Here we’ve moved synchronization from the method signature, to a synchronized block that wraps the creation of the MySingleton instance. But does this solve our problem? Well, we are no longer blocking on reads, but we’ve also taken a step backward. Multiple threads will hit the getInstance() method at or around the same time and they will all see the INSTANCE member as null. They will then hit the synchronized block where one will obtain the lock and create the instance. When that thread exits the block, the other threads will contend for the lock, and one by one each thread will fall through the block and create a new instance of our class. So we are right back where we started.


private static MySingleton INSTANCE;

public static MySingleton getInstance() {
    if (INSTANCE == null) {
        synchronized(MySingleton.class) {
            if (INSTANCE == null) {
                INSTANCE = createInstance();
            }
        }
    }

    return INSTANCE;
}

Here we issue another check from INSIDE the block. If the INSTANCE member has already been set, we’ll skip initialization. This is called double-checked locking.

This solves our problem of multiple instantiation. But once again, our solution has presented another challenge. Other threads might not “see” that the INSTANCE member has been updated. This is because of how Java optimizes memory operations. Threads copy the original values of variables from main memory into the CPU’s cache. Changes to values are then written to, and read from, that cache. This is a feature of Java designed to optimize performance. But this creates a problem for our singleton implementation. A second thread — being processed by a different CPU or core, using a different cache — will not see the changes made by the first. This will cause the second thread to see the INSTANCE member as null forcing a new instance of our singleton to be created.


private static volatile MySingleton INSTANCE;

public static MySingleton getInstance() {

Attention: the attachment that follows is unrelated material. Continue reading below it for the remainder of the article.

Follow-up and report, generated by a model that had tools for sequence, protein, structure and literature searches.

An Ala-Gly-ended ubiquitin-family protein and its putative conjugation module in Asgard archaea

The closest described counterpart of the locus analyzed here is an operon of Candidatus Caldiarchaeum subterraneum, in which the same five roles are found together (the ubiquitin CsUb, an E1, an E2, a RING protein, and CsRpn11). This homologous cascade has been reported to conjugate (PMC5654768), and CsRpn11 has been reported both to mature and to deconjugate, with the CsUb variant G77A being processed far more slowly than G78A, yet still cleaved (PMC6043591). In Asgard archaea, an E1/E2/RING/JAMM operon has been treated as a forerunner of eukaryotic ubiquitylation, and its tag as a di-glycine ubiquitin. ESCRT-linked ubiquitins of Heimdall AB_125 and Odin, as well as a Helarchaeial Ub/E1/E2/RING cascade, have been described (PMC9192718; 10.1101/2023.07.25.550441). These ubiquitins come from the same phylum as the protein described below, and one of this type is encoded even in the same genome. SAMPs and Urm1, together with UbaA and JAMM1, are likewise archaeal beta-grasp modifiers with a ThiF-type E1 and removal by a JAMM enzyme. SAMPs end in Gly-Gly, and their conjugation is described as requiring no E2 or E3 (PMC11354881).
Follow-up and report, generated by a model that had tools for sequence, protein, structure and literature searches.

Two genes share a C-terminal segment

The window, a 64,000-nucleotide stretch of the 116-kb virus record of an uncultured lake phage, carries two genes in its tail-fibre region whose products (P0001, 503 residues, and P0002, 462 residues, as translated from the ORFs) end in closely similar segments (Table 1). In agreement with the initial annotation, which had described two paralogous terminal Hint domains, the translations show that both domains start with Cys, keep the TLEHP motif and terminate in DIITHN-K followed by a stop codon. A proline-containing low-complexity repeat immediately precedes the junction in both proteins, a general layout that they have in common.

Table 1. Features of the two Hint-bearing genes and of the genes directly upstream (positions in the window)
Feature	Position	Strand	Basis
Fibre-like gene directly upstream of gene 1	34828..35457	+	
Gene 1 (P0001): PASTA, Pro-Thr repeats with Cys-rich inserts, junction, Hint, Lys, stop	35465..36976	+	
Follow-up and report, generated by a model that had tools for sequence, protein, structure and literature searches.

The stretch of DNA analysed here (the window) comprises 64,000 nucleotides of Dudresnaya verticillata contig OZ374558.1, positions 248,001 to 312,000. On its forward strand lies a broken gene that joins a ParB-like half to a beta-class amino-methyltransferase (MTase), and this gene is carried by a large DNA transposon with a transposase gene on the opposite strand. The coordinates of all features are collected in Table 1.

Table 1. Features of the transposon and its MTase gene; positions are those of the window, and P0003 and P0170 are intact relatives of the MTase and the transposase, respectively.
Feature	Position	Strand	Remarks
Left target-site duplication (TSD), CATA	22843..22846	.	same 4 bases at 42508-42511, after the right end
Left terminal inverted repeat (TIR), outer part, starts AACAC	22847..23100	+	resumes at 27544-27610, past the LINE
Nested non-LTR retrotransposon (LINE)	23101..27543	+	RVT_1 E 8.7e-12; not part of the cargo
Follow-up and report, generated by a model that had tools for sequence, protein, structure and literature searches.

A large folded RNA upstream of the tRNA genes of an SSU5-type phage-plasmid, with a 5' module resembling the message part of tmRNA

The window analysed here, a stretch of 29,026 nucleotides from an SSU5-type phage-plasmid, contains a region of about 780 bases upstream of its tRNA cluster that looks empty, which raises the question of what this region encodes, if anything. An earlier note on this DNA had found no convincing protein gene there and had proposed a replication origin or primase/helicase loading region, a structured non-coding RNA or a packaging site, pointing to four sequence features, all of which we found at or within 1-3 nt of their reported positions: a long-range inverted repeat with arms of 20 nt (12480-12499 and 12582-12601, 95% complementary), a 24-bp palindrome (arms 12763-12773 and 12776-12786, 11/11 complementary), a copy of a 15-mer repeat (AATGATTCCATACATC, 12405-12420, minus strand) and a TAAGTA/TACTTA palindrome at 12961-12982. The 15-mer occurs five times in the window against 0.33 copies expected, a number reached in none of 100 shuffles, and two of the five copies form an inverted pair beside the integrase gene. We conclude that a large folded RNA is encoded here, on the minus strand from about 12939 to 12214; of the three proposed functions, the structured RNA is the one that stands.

if (INSTANCE == null) {
        synchronized(MySingleton.class) {
            if (INSTANCE == null) {
                INSTANCE = createInstance();
            }
        }
    }

    return INSTANCE;
}

We solve this by using the volatile keyword on the declaration of the INSTANCE member. This will tell the compiler to always read from, and write to, main memory, and not the CPU cache.

But this simple change comes at a cost. Because we are bypassing the CPU cache, we will take a performance hit each time we operate on the volatile INSTANCE member — which we do 4 times. We double-check existence (1 and 2), set the value (3), and then return the value (4). One could argue that this path is the fringe case as we only create the instance during the first call of the method. Perhaps a performance hit on creation is tolerable. But even our main use-case, reads, will operate on the volatile member twice. Once to check existence, and again to return its value.


private static volatile MySingleton INSTANCE;

public static MySingleton getInstance() {
    MySingleton result = INSTANCE;
    if (result == null) {
        synchronized(MySingleton.class) {
            result = INSTANCE;
            if (result == null) {
                INSTANCE = result = createInstance();
            }
        }
    }

    return result;
}

Since the performance hit is due to operating directly on the volatile member, let’s set a local variable to the value of the volatile and operate on the local variable instead. This will decrease the number of times we operate on the volatile, thereby reclaiming some of our lost performance. Note that we have to set our local variable again when we enter the synchronized block. This ensures it is up to date with any changes that occured while we were waiting for the lock.

I wrote an article about this recently. Deconstructing The Singleton. You can find more info on these examples and an example of the "holder" pattern there. There is also a real-world example showcasing the double-checked volatile approach. Hope this helps.

0

Singloton class is the class where you get the same object every time. When you want to restrict a class from creating more than one object the we need the Singleton Class.

For example :

public class Booking {
    static Booking b = new Booking();
    private Booking() { }
    static Booking createObject() { return b; }
}

To create object of this class we can use :

Booking b1, b2, b3, b4;
b1 = Booking.createObject();
b2 = Booking.createObject();
Booking b1, b2, b3, b4;
b1 = Booking.createObject();
b2 = Booking.createObject();

b1 and b2 are referring to same object.

0

You should think about the following properties while creating a singleton class

  1. Reflection
  2. Multi threading
  3. Clone
  4. Serialization

if no Clone or Serialization interfaces in your class, i think the following class is best as singleton class.

public class JavaClass1 {
private static JavaClass1 instance = null;
private JavaClass1() {
    System.out.println("Creating -------");
    if (instance != null) { // For Reflection
        throw new RuntimeException("Cannot create, please use getInstance()");
    }
}

public static JavaClass1 getInstance() {
    if (instance == null) {
        createInstance();
    }
    return instance;
}
 private static synchronized void createInstance() { // for multithreading
    if (instance == null) {
        instance = new JavaClass1();
    }
}}